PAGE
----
Journal: Freshmen Dems torn by party, voters on health care

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By MIKE BAKER and BOB LEWIS , 08.19.09, 03:09 AM EDT

The newcomers are caught in a crossfire between their congressional leaders to the left and conservative constituents to the right, and they hold clout that could determine if health care legislation passes – and in what form.

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“I hope the freshmen have their eyes open to what's going on out here – to see that they need to represent the people that put them in office,” he said.

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Review: Commercial Observation Satellites–At the Leading Edge of Global Transparency

4 Star, Intelligence (Commercial)

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Amazon Page

4.0 out of 5 stars Fantastic High-Quality Book on Policies and Capabilities,

March 10, 2002
John Baker
This may well be the best book RAND has ever produced–certainly the best I have ever seen or reviewed. An edited work, it brings together thirty-one authorities and integrates very high-quality editing, photography, and references. It even has an index.As one who regards the collection of imagery as a supporting event, in support of the creation of geospatially-based all-source databases and integrated analysis, I would observe that this book must be regarded as skewed toward policies and capabilities related to commercial imagery collection. It does not address the many vital topics having to do with geospatial databases, the integration of diverse sources of geospatial imagery including Russian military maps and classified digital terrain elevation data, or the integrating of imagery into the all-source analysis process.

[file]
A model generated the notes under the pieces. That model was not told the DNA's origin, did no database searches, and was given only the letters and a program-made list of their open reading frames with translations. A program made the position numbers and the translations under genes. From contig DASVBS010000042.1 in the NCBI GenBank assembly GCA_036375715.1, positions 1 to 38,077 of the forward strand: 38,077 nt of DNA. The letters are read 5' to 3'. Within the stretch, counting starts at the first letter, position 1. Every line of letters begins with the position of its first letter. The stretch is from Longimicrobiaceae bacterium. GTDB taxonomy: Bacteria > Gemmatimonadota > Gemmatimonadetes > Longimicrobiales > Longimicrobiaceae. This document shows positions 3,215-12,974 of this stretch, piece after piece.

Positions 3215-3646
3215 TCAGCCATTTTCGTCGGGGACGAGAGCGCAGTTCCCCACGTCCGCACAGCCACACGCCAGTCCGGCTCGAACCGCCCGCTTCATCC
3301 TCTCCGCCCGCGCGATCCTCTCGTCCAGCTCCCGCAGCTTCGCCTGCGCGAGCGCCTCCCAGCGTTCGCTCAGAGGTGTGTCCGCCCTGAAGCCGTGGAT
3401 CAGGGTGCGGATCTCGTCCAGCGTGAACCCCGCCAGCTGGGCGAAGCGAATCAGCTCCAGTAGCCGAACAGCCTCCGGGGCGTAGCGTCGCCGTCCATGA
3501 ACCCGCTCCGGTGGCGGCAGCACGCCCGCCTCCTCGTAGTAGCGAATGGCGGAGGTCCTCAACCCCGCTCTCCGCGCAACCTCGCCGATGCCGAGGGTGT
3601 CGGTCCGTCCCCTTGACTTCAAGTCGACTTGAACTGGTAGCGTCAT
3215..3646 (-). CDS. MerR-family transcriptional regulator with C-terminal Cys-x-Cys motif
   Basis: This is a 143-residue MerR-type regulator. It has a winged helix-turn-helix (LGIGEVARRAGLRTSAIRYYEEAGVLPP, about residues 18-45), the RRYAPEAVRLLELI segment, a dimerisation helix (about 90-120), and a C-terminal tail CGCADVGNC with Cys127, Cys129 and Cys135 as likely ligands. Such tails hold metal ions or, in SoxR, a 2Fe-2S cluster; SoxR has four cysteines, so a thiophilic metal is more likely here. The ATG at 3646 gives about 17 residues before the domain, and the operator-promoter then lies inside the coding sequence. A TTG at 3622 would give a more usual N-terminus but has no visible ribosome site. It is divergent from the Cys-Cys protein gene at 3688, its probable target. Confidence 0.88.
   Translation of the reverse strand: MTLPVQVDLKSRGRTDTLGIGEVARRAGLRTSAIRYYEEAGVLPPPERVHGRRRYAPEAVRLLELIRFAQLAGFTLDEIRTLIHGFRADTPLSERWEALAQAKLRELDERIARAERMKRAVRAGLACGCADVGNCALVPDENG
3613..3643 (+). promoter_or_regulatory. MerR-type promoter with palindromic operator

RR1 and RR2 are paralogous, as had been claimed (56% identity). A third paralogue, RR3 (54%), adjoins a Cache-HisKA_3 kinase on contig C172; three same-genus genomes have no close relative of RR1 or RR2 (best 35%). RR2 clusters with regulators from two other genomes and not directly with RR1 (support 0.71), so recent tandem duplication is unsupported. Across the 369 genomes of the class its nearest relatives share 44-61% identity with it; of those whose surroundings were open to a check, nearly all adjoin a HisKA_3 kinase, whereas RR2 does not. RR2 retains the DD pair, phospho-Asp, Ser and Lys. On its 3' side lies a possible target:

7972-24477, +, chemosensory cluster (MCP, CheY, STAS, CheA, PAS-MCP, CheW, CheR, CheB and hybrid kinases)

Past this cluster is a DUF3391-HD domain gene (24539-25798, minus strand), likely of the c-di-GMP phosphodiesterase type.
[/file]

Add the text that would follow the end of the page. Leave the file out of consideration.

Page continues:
Commercial imagery is running roughly twelve years behind the early projections on both its adoption and its gross revenue potential. This is in large part because of a consistent prejudice against commercial sourcing by the Office of the Secretary of Defense and the Defense Mapping Agency (now the National Imagery and Mapping Agency). There are implications to this on-going negativity for the business marketplace–the cost of commercial imagery is still much higher than it need be, simply because the government is as yet unwilling to recognize that it should spend billions on acquiring commercial source imagery, not on building even more useless secret imagery satellites.

I recommend this book strongly, both for commanders who would like to exercise some control over national imagery collection policies and investments; and for business leaders who might wish to contemplate how the taxpayer dollar could be better spent in support of generic commercial imagery capabilities whose fruits can be easily shared with the private sector and especially non-governmental organization.

The editors and the authors of this book have excelled. I can find nothing to criticize–indeed, I expect the editors to get to work immediately on a follow-on book that brings together different authorities and focuses on the database and analysis side of the matter.

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